Amphetamines are a large group of chemically related central stimulant drugs. Among the best known are Dexedrine, Methedrine and Ritalin.
The first amphetamine, Benzedrine, was synthesized in 1887, but it was not introduced as a medicine until 1932, when the Benzedrine inhaler became available over the counter in drugstores as a treatment for nasal congestion and asthma. Amphetamine use spread mainly because the medical profession was so enthusiastic about the drug.
Crystal Methamphetamine, more potent and easier to make than amphetamine, was first synthesized in Japan in 1919. The crystalline powder was soluble in water, making it a perfect candidate for injection.
The US Army used amphetamines heavily during the Vietnam War, and amphetamine abuse became a problem among the troops. From the mid-1960s on there was also a growth in both illicit bathroom laboratory synthesis of amphetamines and black market diversion of legitimately produced drugs.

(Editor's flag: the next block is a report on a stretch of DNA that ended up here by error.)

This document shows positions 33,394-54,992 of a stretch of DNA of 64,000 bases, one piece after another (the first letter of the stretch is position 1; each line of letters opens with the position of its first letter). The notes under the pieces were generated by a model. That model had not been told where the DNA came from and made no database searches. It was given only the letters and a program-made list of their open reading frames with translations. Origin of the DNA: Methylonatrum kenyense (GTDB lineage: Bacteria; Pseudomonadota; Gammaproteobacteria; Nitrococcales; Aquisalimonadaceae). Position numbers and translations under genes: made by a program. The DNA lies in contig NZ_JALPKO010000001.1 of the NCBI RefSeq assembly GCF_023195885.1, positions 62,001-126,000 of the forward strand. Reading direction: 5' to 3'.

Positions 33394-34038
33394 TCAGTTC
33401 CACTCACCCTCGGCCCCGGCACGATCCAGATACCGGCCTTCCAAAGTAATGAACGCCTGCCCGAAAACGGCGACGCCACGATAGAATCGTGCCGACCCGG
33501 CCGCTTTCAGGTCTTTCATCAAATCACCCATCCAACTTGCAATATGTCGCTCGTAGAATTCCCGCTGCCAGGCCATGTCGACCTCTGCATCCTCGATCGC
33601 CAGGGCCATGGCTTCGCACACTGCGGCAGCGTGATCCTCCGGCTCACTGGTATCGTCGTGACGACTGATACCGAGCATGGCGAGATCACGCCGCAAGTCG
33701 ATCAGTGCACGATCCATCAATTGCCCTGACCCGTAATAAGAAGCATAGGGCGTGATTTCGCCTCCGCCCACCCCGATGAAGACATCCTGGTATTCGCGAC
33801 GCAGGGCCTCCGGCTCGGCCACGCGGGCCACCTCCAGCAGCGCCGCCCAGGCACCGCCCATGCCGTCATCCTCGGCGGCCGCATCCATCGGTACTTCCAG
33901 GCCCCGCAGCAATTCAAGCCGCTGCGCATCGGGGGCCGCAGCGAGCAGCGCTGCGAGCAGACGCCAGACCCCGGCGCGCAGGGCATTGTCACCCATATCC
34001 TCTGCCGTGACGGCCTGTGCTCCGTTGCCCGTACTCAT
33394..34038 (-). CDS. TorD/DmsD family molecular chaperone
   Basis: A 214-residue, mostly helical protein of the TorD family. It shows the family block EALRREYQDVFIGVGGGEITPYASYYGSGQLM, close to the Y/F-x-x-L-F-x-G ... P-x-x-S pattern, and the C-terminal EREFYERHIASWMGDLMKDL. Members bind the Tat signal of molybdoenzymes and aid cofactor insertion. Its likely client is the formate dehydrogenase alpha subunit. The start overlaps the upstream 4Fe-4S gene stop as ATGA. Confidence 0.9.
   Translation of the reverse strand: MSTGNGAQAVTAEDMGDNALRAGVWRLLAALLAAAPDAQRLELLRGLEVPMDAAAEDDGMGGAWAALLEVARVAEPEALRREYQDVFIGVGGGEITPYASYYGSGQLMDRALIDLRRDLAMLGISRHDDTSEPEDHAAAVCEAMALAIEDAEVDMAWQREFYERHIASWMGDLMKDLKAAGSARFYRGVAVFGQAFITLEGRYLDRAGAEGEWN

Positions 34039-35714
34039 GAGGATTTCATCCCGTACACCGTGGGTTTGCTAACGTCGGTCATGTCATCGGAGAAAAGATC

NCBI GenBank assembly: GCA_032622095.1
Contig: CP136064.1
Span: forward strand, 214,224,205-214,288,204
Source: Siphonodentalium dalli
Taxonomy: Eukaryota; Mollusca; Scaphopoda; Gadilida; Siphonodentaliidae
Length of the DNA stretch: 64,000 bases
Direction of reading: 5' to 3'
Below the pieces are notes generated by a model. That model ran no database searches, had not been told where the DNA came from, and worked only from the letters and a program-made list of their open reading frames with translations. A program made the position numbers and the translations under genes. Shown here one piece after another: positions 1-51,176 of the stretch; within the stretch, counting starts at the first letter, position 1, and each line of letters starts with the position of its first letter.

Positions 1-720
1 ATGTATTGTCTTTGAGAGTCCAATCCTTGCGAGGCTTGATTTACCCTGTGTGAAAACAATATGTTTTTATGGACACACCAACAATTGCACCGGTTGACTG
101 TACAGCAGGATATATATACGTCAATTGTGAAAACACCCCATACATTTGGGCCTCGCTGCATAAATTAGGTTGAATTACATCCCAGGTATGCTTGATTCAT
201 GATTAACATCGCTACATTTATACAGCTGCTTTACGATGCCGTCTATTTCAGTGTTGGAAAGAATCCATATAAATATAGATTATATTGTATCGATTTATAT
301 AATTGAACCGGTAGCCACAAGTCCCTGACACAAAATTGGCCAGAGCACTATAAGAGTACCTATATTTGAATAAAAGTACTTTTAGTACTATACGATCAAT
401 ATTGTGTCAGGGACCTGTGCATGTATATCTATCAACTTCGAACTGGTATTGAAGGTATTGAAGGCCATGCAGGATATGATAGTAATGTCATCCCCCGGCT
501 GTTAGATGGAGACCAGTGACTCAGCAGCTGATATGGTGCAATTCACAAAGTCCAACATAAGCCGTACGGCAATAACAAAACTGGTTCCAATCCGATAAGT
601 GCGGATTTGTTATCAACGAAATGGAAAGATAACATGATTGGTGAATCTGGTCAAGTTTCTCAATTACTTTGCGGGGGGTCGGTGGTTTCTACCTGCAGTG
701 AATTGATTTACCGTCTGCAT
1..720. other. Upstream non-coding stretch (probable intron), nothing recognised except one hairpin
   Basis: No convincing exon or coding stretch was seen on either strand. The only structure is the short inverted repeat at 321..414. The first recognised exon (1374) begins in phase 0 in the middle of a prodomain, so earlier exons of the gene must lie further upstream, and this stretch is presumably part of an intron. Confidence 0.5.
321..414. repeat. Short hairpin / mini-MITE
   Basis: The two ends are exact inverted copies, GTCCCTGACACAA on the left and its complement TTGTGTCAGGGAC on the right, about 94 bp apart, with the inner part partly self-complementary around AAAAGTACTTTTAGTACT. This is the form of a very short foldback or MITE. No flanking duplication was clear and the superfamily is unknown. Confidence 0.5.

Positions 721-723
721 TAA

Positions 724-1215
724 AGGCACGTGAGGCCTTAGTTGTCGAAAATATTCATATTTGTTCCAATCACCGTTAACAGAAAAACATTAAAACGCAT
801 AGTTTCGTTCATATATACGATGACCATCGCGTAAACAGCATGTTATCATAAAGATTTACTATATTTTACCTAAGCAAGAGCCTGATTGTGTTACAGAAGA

Reports on therapeutic use
Amphetamines are currently used by the medical establishment in the treatment for attention deficit disorder, narcolepsy, depression, and post stroke recovery as well as a tolerated performance enhancer in sportsmen.
Until 1971, amphetamines were sold freely over the counter, with or without prescription. Following their inclusion in the 1971 UN Convention on Psychoactive Drugs, the use of amphetamines has declined because of legal restrictions.
Crystal Methamphetamine is still legally produced in the U.S., and sold under the trade name Desoxyn.
Adverse effects of the abuse of amphetamines include weight loss, psychosis, severe dependence and depression on withdrawal.
ON SPEED, by Nicolas RasmussenRepublish